Brazil Congress Overturns Veto on Oil Royalty Bill
BRASILIA, March 7 (Reuters) – Brazil’s Congress has overturned a presidential veto of a controversial oil and natural gas royalty bill, stripping billions of dollars in revenue from producing states, which have threatened to contest the bill in the courts.
While originally aimed at giving non oil-producing states a fair share of Brazil’s future oil wealth, the new law cuts the share of oil royalties also received from existing production contracts by states and cities bordering maritime fields and redistributes the income among all 27 states and 5,500 municipalities.
By altering existing oil contracts, the new law risks poisoning future debates with states over tax reform and mining. The law could create fresh uncertainty for oil companies operating in Brazil as well, and delay the South American nation’s plans to tap huge subsalt fields and become a major world oil producer.
The result of the vote announced on Thursday was a defeat for President Dilma Rousseff, who had committed herself to limiting the immediate impact of her government’s oil industry reform on producing states led by Rio de Janeiro. One of the most divisive issues of her 2-year-old presidency, the issue has soured relations among Brazil’s states.
“The royalty issue has become a zero-sum game, there are clear winners and clear losers and the losers are not happy,” João Augusto de Castro Neves, a senior analyst with the Eurasia Group in Washington in an interview.
“The producing states’ defeat may contaminate other issues such as Rousseff’s push for a new mining code or lead them to block efforts for tax reform,” Castro Neves, an economics and energy specialist, said.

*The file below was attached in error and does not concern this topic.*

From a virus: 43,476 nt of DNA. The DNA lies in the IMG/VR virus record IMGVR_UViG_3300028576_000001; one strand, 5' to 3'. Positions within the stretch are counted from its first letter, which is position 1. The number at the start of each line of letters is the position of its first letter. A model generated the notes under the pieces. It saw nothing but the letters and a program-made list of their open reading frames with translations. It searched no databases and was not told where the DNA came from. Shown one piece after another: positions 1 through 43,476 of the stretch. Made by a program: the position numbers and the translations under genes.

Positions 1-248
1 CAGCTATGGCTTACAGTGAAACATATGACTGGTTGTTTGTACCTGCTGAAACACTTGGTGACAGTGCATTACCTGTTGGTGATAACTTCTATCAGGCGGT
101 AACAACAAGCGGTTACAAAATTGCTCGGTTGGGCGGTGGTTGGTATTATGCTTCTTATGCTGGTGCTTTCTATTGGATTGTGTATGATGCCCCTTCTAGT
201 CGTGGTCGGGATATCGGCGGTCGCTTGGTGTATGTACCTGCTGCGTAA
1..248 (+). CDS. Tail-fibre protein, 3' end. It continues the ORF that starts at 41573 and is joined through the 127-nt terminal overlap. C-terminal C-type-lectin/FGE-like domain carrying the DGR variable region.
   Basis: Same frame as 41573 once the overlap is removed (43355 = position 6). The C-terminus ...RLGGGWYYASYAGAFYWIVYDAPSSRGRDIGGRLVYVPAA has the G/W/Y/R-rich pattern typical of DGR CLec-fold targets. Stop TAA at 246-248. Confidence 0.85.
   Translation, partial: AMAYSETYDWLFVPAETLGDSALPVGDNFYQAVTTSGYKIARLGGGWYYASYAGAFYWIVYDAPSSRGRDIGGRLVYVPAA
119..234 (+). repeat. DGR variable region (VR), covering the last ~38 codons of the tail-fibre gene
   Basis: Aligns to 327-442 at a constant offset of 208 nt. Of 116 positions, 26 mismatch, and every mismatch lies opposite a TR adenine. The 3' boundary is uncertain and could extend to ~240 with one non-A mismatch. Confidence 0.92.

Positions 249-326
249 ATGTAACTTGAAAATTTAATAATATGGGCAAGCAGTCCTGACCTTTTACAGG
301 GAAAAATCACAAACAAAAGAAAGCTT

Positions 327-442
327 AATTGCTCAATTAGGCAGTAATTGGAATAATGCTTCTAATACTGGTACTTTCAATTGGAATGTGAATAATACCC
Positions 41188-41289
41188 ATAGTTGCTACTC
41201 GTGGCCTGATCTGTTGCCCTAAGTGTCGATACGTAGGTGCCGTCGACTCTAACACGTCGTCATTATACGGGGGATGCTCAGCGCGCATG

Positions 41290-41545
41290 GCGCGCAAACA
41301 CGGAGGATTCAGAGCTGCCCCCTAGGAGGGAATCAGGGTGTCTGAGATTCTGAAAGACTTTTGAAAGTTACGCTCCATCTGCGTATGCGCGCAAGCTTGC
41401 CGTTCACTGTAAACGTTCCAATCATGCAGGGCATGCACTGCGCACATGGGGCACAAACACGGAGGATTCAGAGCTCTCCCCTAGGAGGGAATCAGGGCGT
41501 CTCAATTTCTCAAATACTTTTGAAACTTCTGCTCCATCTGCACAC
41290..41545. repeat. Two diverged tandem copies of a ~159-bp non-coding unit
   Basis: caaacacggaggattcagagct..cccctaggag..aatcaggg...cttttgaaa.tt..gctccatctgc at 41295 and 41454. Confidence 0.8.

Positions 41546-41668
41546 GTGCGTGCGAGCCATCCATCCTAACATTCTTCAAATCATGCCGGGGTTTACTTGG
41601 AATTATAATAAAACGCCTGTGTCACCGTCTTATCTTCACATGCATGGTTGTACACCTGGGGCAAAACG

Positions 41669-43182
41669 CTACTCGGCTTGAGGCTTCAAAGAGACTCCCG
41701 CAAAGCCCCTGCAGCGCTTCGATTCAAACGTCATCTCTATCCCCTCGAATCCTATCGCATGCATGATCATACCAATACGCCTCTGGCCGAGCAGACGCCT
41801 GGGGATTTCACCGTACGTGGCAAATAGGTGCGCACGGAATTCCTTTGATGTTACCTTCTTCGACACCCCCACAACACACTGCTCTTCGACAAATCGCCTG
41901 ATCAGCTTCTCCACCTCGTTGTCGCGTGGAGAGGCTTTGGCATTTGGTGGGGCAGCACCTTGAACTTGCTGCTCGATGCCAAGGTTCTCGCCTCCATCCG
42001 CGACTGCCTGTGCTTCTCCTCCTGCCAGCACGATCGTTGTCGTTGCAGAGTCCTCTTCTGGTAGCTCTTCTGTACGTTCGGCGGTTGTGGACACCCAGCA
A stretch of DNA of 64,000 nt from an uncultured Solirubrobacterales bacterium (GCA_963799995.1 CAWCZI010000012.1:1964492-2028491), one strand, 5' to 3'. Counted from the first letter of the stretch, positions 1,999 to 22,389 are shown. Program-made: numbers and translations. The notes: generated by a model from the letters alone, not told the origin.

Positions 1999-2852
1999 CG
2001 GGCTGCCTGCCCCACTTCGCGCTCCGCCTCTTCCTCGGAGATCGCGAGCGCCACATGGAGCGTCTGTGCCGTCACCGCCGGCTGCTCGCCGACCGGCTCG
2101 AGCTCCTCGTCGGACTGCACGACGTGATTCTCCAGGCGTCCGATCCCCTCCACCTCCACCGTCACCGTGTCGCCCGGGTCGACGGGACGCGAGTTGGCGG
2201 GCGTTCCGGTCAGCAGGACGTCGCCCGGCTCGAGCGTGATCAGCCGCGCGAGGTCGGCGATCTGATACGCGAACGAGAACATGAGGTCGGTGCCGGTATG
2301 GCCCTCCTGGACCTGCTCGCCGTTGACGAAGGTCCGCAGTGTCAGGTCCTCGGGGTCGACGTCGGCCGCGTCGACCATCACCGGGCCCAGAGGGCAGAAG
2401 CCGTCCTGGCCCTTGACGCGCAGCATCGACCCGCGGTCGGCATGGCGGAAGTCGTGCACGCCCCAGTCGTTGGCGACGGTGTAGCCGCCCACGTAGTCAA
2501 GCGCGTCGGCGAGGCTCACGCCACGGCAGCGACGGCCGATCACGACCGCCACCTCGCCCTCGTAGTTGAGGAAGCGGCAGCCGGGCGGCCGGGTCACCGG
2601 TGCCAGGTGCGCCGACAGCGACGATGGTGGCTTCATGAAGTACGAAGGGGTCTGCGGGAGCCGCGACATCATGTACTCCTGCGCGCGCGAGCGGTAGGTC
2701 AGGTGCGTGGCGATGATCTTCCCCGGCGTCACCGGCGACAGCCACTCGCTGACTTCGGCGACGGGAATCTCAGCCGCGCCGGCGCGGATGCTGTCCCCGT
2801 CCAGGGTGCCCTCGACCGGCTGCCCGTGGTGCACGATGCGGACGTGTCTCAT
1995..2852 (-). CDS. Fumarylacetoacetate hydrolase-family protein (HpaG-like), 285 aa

The governments of Rio de Janeiro and Espirito Santo along with Sao Paulo state, where offshore oil production is starting to grow rapidly, say they plan to go to the Supreme Court to challenge the law.
Approved by Congress in November, the bill was vetoed in part by Rousseff under rules that give Brazil’s president the right to a line-item veto, removing sections of a bill while passing other parts.
Congress left intact Rousseff’s contribution to the new law that 10 percent of all future oil royalties be used to fund improvements in education in Brazil without which, she said, the country’s development will be hobbled.
RIO OLYMPICS AT RISK
Rio de Janeiro has said it could lose as much as 3.1 billion reais in 2013 alone under the new law, undermining plans to host the World Cup soccer tournament games in 2014 and the Olympics Games in 2016.
Rio de Janeiro and neighboring Espirito Santo received 86 percent of all oil and gas royalties and windfall profits taxes given directly to states and municipalities in 2012, according to Brazil’s oil regulator, the ANP. Most controversially, the new law cuts the states’ and municipalities’ share of royalties on existing oil-production concessions.
Total royalties and windfall profits taxes in 2012 were 31.6 billion reais ($16.1 billion), with about half going to the federal government and the rest directly to states and municipalities.
Rio de Janeiro’s Governor Sergio Cabral and his supporters said last year that they hope the Constitution’s restrictions on the extinction of existing rights will protect their previous share of royalties on existing production contracts, limiting the changes to future oil production.
Under the law, producing states’ royalties will shrink to 20 percent of the total royalty take by 2019 from 40 percent today. Producing municipalities share will drop to 4 percent in 2019 from 10 percent of the total take today.
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